Lately I’ve been learning a lot about love. A crash course, really, apparently the Lord feels that I need more of it. And I don’t mean the term “love” that we like to throw around here in the south. For example, I say things like, “I love cheese grits.” And I do, but that is not the type of love I’m talking about here. I’m not sure I can really define it, or understand it fully, but I know that I am on a journey to experience it. Let me explain. Have you ever cared about someone more than your own feelings? I know for me that I carry my feelings in high esteem. Meaning, I don’t just allow others to come in and hurt them, I actively try and protect them. Lately I’ve been put into some situations where I’ve gotten my feelings hurt and for the life of me I want to be mad about it. I try so hard to keep my feelings safe and sound that when someone breeches my safety zone and hurts them, I want to hurt them back, you know? (I‘m not talking physically, well maybe a little sometimes.) I want to retaliate to what they’ve said or done, defend myself. Or maybe ignore them out of spite to let them know they’ve crossed the line with me. (How dare they?!) This is the type of behavior I have fallen into time and time again, only to find that it doesn’t make me feel any better. (Clearly, I am a slow learner.) I just feel hurt longer and they seem to go on about their lives as though nothing ever happened. I’m beginning to realize that when I respond in a way that is typical and expected, it makes the person who offended me feel validated in their behavior. It’s a “I hurt them, they hurt me so now we’re even” kind of thing. No one wins. I can remember when Jeff and I were newlyweds, (Oh lord that was a long time ago.) we fought like cats and dogs. Each one of us wanting to have the last word because we needed to feel heard. The problem was we were both so busy trying to make our point or defend ourselves that neither of us ever stopped long enough to realize that our verbal tug of war wasn’t changing anything. It was a dead tie, and not in a good way. We were married a few years before we really began to understand the value of holding our tongues and allowing God to do the talking. (Honestly, this is something we work on to this day, like this moment even.) I remember the times we argued and he would finally “give in” and declare that I was right, it never really felt as good to “win” as I thought it would. And, if he verbally fought back, I would rally. It was an endless, losing cycle. But, when my husband began to learn the value in silence, not punishing silence, but the kind of silence where you have a thousand words on the tip of your tongue, but you bite your tongue to keep from saying them, things began to change. My pride wishes I could tell you that we learned value in being quiet around the same time, but the truth is he exampled this to me first. The Lord began to use his silence as a valuable tool to speak to my heart. The more he surrendered, unwilling to defend or win, the more I was left with my own words ringing in my ears. God became his defender and He was so much more effective. (Conviction, that’s a good old church word that applies here. I felt the wrong in what I was doing with my mean words.) What does this have to do with loving others, I hear you mumble. Everything. Recently I had an experience where someone was being very hard on me. The kind of hard where you sorta hate to see them coming. I complained, groaned whined about my hurt feelings and wondered how they could say such things, yada, yada, yada. Finally, after this had gone on a while, I began to feel convicted (there’s that word again) to shut my mouth. Now, to some of you, that is no big deal. But to those of us who love to use lots of words, it is. (A really big deal, and I need you to understand that. Really. Big. Deal.) It didn’t take long before I discovered that as I shut my mouth, instead of groaning and complaining about the offender, the Lord was able to deal with my heart. As my heart began to open (ever so slightly) to this person, I began to see things differently. I began to realize that just like in my marriage, when I rail against someone who is hurting me, the voice of the Lord can be drowned out by my own. It prolongs the agony of the situation. When my voice is out of the way, (when I finally hush) then God can deal with their heart. My silence can become the catalyst that provides an opportunity for God to speak. But, in order for this to happen I have to love. Because love looks out for the best interest of others above my own. “If I speak in the tongues of men or of angels, but do not have love, I am only a resounding gong or a clanging cymbal” is what I’m told in I Corinthians 13:1. Trust me, this is an ongoing life lesson for me, I don’t want to be a clanging cymbal. And that is where it gets tough. I’ve heard lots and lots of lessons, sermons and read countless articles on love and what it should look like. But, few of them really tell me how to get from where I am to where I need to be in loving others. I am left feeling like, “Well, okay, I need to love more, how do I do that? What is that supposed to look like in real life?” I’m a planner, I need a plan. Let me offer a suggestion, in case you’re wondering like I was. I began to ask myself, am I willing to love someone enough to be hurt by them and not retaliate? To let God step in and be my defender? To be silent when there are a thousand things I want to say or feel like I have a right to say? To love them more than my own feelings? Basically, to step back so God can step up. Ouch. (I am not talking about verbal abuse, just the everyday hurts that we all deal with.) That’s a tough truth for me. This is where my faith must be tried by the fire of action. And where I must actually practice the humility that is supposed to be evident in my life as a follower of Christ. He must increase and I must decrease. You won’t hear that message on primetime TV or in main stream media, yet, it is the only thing that truly works. So the next time you are face to face with a difficult child, spouse, co-worker, friend, church member, the teller at the bank, the Wal-Mart check out person (it gets real here), your mother, father, sister, brother, anyone that shows up in your life and you want to groan. Stop and remember that love is much more effective when it is lived out through action, and actions speak louder than words, and less words means God can speak. And when God speaks, that means good things are coming. Can I get an amen? I love good things!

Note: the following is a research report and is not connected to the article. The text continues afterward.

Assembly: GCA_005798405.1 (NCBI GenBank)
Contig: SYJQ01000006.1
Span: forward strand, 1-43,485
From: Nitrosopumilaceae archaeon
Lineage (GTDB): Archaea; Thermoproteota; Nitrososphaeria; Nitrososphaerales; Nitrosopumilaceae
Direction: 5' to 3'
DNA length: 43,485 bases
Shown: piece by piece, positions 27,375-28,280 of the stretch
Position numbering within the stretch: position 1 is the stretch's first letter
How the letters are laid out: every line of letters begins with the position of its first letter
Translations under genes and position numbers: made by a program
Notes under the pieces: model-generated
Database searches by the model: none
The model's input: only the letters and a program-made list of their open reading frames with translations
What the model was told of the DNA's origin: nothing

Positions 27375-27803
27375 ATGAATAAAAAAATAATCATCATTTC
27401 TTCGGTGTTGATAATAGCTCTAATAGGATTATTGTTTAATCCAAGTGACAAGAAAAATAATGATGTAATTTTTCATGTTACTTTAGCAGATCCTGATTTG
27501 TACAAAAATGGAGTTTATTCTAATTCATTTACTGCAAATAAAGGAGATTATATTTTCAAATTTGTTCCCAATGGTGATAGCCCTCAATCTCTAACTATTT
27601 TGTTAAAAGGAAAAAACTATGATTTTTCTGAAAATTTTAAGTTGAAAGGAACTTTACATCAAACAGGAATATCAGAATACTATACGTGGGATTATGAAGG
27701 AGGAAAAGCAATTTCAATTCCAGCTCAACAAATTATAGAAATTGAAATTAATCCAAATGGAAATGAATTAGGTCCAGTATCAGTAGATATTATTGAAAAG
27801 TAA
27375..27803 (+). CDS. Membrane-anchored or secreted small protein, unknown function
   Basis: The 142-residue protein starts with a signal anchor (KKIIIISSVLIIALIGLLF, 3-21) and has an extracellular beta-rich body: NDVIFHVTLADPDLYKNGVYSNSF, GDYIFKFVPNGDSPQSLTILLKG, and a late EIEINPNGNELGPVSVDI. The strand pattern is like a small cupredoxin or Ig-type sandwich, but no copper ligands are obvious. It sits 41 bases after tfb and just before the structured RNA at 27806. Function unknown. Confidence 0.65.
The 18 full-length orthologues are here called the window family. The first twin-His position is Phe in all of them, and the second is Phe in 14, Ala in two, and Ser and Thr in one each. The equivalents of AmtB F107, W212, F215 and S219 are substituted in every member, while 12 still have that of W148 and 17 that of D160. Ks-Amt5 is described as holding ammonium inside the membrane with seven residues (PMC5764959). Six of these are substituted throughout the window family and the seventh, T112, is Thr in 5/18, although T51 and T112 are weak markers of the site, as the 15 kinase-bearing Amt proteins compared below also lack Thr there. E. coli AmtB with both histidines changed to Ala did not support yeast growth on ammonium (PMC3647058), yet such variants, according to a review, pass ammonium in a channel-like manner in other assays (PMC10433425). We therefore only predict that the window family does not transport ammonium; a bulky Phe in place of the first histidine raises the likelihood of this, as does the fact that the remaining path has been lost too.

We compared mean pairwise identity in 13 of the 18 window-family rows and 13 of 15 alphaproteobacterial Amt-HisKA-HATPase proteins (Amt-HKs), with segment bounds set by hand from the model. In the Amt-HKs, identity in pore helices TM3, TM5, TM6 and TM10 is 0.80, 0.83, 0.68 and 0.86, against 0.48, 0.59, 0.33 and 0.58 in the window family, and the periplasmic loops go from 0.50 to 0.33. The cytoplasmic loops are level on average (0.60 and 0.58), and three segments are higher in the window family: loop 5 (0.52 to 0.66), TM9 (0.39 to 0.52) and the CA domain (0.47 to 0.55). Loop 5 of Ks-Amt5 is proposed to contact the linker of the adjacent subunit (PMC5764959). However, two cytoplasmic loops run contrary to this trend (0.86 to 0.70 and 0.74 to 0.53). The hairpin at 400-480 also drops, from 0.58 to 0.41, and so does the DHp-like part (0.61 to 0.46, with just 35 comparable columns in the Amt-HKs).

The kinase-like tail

I Corinthians 13:4-7 “Love is patient, love is kind. It does not envy, it does not boast, it is not proud. 5 It does not dishonor others, it is not self-seeking, it is not easily angered, it keeps no record of wrongs. 6 Love does not delight in evil but rejoices with the truth. 7 It always protects, always trusts, always hopes, always perseveres.”
In my next blog post I would like to talk to you about prayer. The idea of loving others is wonderful, but completely impossible without prayer to empower us. I’m learning that in a very real way right now. I am still on my journey to freedom that we’ve been discussing, it is painful and so far and sometimes I feel like I’m on a roller coaster, but I’m not giving up. I’ve tasted a little of the freedom that is my goal and now I’m addicted to what I know my life can be like. As you’ve heard me say, and as momma always said, one day at a time. I’m so glad to be on this journey with you, see you next time.